We’ve discovered that it’s really hard to review motorcycle polishes. All of our reviews are done under real-world conditions that any webBikeWorld visitor might experience. So we like to take on-the-job photos (amateur though they may be!) to illustrate our product reviews.
But taking photographs that capture the before/after differences of polishing a motorcycle is a seemingly impossible task! It’s very hard to get the lighting correct, and the very limited resolution available on computer monitors means that subtle differences will be just about impossible to spot.
Also, most of the motorcycles around these parts are kept in spotless condition, so it’s hard to find a bike that needs a shine! Nevertheless, we persevere in the interests of webBikeWorld visitors!
If you cruise around the Internet looking for motorcycle polish, in no time you’ll come across various references to Crystal-Glo Acrylic Motorcycle Polish. This product has won its share of kudos; everyone from Motorcyclist Magazine in the U.S. to the U.K.’s Motorcycle News have raved about it. Crystal-Glo has been available since 1987 and has been a best seller in Europe for about the last 10 years and is now available in the U.S.A.
Besides the difficulty in photographing polished surfaces, it’s also hard to compare different motorcycle polishes against each other, as each manufacturer claims their product is better than its competitors at protection, brilliance of the shine and ease of use.
But when you read statements like “To say we were impressed…would be a severe understatement. This stuff is absolutely amazing” by Motorcyclist Magazine (who also gave it their highest rating), it kind of makes you sit up and take notice.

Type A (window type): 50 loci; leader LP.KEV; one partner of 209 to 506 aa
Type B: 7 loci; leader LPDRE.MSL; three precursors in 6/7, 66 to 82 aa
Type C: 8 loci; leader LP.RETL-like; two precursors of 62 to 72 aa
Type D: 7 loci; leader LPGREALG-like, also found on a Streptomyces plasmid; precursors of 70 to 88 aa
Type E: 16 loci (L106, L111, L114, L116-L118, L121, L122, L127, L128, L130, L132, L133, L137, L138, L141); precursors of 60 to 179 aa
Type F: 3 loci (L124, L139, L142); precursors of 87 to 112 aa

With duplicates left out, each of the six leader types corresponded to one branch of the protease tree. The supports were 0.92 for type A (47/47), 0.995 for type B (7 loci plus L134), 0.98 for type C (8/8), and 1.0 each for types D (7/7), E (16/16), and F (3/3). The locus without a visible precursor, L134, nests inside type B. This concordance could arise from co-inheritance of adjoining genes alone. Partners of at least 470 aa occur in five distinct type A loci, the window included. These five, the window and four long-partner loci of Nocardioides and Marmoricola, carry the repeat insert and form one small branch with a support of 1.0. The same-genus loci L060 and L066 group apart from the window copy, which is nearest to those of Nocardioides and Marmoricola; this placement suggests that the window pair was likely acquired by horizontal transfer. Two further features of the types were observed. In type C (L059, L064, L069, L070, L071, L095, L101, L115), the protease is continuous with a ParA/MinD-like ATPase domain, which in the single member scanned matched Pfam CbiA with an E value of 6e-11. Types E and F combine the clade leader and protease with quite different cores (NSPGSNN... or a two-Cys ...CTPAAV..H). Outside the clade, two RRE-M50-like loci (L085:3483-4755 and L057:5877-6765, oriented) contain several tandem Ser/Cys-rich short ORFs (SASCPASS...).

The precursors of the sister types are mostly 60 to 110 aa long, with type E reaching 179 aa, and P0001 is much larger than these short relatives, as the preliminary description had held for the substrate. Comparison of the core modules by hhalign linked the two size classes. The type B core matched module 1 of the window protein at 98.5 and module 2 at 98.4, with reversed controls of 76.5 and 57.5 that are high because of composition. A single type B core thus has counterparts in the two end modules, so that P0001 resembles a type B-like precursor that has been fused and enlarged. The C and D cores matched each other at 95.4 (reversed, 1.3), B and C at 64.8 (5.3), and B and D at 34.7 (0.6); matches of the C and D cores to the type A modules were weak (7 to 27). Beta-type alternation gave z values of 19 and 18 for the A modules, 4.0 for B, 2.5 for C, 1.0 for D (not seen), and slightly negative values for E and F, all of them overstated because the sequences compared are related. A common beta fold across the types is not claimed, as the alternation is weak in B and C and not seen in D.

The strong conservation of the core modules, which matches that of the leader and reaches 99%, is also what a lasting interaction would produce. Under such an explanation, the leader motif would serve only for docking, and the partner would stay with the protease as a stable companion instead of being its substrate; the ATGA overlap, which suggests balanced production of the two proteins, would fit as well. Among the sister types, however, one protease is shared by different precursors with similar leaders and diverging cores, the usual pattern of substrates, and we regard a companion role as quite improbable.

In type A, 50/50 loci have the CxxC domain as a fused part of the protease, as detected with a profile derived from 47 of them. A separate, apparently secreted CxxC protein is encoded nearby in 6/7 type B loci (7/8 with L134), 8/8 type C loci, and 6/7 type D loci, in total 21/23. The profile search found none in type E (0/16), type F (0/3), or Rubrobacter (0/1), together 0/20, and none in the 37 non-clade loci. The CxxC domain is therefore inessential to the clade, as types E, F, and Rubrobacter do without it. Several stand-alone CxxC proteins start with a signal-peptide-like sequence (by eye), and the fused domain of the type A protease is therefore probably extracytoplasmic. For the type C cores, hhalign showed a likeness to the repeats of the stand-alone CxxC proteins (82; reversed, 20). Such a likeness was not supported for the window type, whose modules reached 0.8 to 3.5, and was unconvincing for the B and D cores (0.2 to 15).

So what makes Crystal-Glo Acrylic Motorcycle Polish different from the rest?
The word “acrylic” is the key — there are no silicone or petroleum-based chemicals in this product. To tell the truth, this didn’t mean much to me until I realized the implications: Crystal-Glo leaves no streaks and does not leave any white chalky residue on any of your bike’s parts, including all the black plastic bits.
I consider this to be an important feature of the product — even though motorcycles have less surface area to polish than, say, a car, all the little nooks and crannies on the typical bike make the job a chore. I hate having to spend more time trying to clean up all the dried white polish from all of those little bits than I did applying and removing the initial coat of polish.
And you never seem to get all the white residue off anyway. If you’ve always wondered why they couldn’t make a polish that didn’t leave a residue…well, stop wondering, because this is it!
Crystal-Glo also has no abrasives. This allows the manufacturer to claim that it can be safely used on all paints, clear coat, fiberglass, polished aluminum, chrome, metal, and smooth plastic. Motrax even recommends it as the only polish to use for carbon fiber parts.
What we discovered is that this also means that you need to make sure the bike is thoroughly cleaned before you apply Crystal-Glo. This isn’t a problem, as I’m sure that you always wash your motorcycle prior to polishing anyway. You do, don’t you?